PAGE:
If you have a… friend in a position of influence, it can be difficult for them to take you seriously in business. They know you as a tennis buddy or neighbor and have separated work and private life. They don’t see you in the same light as business colleagues. They may be polite. But will they risk their business reputation with someone they know down the street? Perhaps the answer to your face is “sure”, but behind closed doors? Not necessary. These “friends” can be the most devastating. They will “like” you and blame others for the ultimate “no” you get. Unfortunately you never had a chance.

Related: Friends With(out) Benefits: combining business with pleasure

3. It may be harder for you to ask a friend for a favor

Let’s say your wife’s best friend is married to the head of a company and you ask him for a favor. What happens to those weekly Friday night dinners or Sunday brunches? That couple will suddenly come up with excuses to skip these traditional events. Why? The man does not want to be rushed or confronted by someone he cannot help. The friendship days have changed (or gone altogether) and your wife is forever mad at you.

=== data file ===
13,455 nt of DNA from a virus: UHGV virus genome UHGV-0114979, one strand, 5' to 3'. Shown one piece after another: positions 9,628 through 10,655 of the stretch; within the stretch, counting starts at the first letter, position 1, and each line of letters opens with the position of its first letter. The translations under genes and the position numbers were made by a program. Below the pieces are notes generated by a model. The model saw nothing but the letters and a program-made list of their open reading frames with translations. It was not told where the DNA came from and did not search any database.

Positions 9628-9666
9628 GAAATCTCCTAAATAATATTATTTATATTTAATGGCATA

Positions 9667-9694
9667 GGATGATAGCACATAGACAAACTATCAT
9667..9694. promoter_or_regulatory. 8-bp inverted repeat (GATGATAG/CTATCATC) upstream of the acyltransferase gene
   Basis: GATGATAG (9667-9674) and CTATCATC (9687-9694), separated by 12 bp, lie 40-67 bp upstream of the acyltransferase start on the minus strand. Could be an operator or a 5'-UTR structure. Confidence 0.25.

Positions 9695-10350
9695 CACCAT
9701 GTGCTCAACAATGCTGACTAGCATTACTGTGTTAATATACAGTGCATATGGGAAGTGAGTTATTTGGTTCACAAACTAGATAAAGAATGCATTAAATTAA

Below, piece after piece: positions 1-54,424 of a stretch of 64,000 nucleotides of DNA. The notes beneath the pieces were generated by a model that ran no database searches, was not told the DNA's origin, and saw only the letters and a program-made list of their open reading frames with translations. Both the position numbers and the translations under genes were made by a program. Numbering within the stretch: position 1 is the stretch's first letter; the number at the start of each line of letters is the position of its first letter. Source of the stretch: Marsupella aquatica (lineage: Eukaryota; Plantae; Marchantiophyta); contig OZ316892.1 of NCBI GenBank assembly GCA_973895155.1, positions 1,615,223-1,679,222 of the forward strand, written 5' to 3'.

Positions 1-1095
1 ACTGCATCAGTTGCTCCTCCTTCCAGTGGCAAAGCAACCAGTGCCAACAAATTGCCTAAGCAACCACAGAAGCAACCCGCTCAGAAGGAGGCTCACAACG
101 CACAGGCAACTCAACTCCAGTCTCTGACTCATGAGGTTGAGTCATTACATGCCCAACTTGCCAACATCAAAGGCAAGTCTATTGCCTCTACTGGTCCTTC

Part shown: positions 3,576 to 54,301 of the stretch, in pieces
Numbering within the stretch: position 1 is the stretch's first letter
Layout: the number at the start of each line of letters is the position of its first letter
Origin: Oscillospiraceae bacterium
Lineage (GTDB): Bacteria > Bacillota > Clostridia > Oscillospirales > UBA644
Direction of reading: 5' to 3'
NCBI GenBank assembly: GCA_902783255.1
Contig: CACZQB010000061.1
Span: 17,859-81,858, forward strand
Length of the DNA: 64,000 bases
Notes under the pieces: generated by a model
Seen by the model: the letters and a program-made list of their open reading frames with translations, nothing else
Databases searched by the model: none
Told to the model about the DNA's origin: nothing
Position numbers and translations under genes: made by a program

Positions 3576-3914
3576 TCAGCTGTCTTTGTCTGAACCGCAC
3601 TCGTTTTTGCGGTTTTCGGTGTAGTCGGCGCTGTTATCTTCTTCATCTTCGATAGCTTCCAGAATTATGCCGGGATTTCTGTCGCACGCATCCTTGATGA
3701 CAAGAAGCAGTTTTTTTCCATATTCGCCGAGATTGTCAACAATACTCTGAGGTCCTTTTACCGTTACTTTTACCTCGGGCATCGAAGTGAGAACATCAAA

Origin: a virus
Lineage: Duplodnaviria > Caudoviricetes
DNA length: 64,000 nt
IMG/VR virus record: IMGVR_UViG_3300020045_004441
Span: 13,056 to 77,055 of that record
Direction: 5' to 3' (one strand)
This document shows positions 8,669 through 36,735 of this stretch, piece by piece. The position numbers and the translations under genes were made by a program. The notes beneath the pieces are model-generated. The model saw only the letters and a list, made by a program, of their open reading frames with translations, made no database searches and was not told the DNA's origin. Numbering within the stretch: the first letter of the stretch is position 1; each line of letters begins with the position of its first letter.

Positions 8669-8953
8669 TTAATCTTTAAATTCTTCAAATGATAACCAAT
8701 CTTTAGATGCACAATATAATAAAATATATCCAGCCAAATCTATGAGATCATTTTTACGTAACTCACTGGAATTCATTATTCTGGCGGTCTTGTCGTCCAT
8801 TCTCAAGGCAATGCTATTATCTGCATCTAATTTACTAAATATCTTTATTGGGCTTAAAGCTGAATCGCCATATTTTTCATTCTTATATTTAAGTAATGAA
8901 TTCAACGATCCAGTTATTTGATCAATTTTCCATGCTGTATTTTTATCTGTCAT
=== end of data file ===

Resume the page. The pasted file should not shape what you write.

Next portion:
4. Bad impressions on another project are hard to break

If you already have a network of people to go to with your projects and you’ve made bad choices or done sub-par projects with them (even if just once), they’ll remember it. Any new work you bring into the fold will be cast into the shadow of your old work or behavior. It’s hard to wipe a slate clean once it gets dirty. This is all the more true in today’s business environment. Most executives are overly sensitive and risk averse when it comes to protecting their jobs. Look after. It is a challenge to reinvent yourself. Many people do it at some point in their lives, but once you’ve tapped into your network with a project that turns out to be a complete failure and a total waste of time, reinventing it is like pushing a peanut up Kilimanjaro with your nose. It’s just not going to happen very quickly or easily.